Kiplinger’s Ranks Davidson as Top Value Among National Liberal Arts Schools
Article reprinted with permission from Davidson College web site www.Davidson.edu
Davidson College topped all private liberal arts colleges and ranked second only to Princeton among all colleges and universities in Kiplinger’s “300 Best College Values of 2018.”
The Kiplinger ranking highlighted the superior preparation offered by a liberal arts curriculum, and noted the broad impact of The Davidson Trust, which lays the groundwork for student success by meeting 100 percent of demonstrated need through a combination of grants and student employment, instead of loans. That puts the Davidson education within reach of all qualified students, regardless of their finances.
The article noted that Davidson may not have the name recognition of similar New England liberal arts colleges, but said its selective admission standards, magnanimous financial aid awards, and high four-year graduation rate make it the top-ranked school among private liberal arts colleges.
Kiplinger’s said Davidson remains committed to a classic liberal arts education, but is also focused on preparing graduates for life outside its close-knit campus. One example is “The Hub,” an old textile factory the college is converting into nearly 23,000 square feet of work space where students can launch their own projects and collaborate with companies in the community.
Kiplinger’s concluded that “Like many of the schools on our best-values list, Davidson posts an annual sticker price of more than $60,000. But its financial aid programs have kept costs in check. Nearly half of students receive need-based aid, and the average award cuts the school’s sticker price by 65 percent, to $22,905 a year. A robust merit-aid program awards funds to 14 percent of students who don’t receive need-based aid; those awards average $25,572 a year. And since loans aren’t part of the deal at Davidson, the average debt of the 26 percent of students who do borrow is $20,431, compared with the national average of $32,000.”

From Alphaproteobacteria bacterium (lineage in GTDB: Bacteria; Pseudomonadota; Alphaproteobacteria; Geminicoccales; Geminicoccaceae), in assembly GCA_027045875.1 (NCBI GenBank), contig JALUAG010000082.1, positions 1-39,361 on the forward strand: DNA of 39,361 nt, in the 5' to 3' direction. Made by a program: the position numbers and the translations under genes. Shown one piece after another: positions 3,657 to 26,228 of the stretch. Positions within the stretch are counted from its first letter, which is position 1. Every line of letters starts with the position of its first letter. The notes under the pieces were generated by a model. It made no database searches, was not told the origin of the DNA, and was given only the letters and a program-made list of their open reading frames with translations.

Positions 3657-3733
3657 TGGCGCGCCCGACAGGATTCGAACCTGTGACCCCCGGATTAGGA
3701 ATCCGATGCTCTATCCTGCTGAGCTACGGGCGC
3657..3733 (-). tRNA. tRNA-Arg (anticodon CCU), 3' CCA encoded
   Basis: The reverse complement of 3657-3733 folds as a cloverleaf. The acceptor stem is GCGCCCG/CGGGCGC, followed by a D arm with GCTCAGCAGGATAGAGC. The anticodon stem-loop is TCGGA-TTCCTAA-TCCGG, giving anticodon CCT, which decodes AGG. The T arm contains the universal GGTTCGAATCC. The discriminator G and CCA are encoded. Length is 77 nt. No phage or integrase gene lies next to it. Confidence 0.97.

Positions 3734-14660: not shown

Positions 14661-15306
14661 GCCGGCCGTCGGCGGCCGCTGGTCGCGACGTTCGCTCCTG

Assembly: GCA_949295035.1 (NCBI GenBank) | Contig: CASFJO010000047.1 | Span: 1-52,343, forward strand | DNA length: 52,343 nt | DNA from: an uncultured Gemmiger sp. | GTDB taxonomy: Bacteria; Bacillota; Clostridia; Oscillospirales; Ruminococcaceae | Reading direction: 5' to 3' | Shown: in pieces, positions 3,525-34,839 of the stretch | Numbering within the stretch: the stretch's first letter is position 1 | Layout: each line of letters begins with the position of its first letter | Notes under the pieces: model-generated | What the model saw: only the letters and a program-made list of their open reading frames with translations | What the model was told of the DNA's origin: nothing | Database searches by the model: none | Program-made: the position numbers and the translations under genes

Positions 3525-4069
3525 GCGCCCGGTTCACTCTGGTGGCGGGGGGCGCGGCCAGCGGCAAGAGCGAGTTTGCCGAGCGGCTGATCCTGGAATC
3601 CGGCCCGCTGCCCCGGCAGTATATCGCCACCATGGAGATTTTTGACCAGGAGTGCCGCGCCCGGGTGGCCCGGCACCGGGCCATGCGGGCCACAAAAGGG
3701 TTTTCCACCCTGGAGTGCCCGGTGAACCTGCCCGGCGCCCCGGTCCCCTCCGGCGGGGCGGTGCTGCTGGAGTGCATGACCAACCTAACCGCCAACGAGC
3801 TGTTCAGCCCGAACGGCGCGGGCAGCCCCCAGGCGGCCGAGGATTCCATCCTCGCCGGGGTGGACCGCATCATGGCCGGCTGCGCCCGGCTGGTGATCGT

Davidson President Carol Quillen said, “The no-loan program is our way of telling talented students of all financial backgrounds that we want them here and will do what we can to make it possible for them to attend.”
Read more at the Kiplinger’s website.
Bill Giduz was the son who followed his father’s footsteps into journalism. He has been involved his entire life with news and photography in schools he attended and jobs he’s held. He believes now that he’s got a few good years left to devote to The News of Davidson.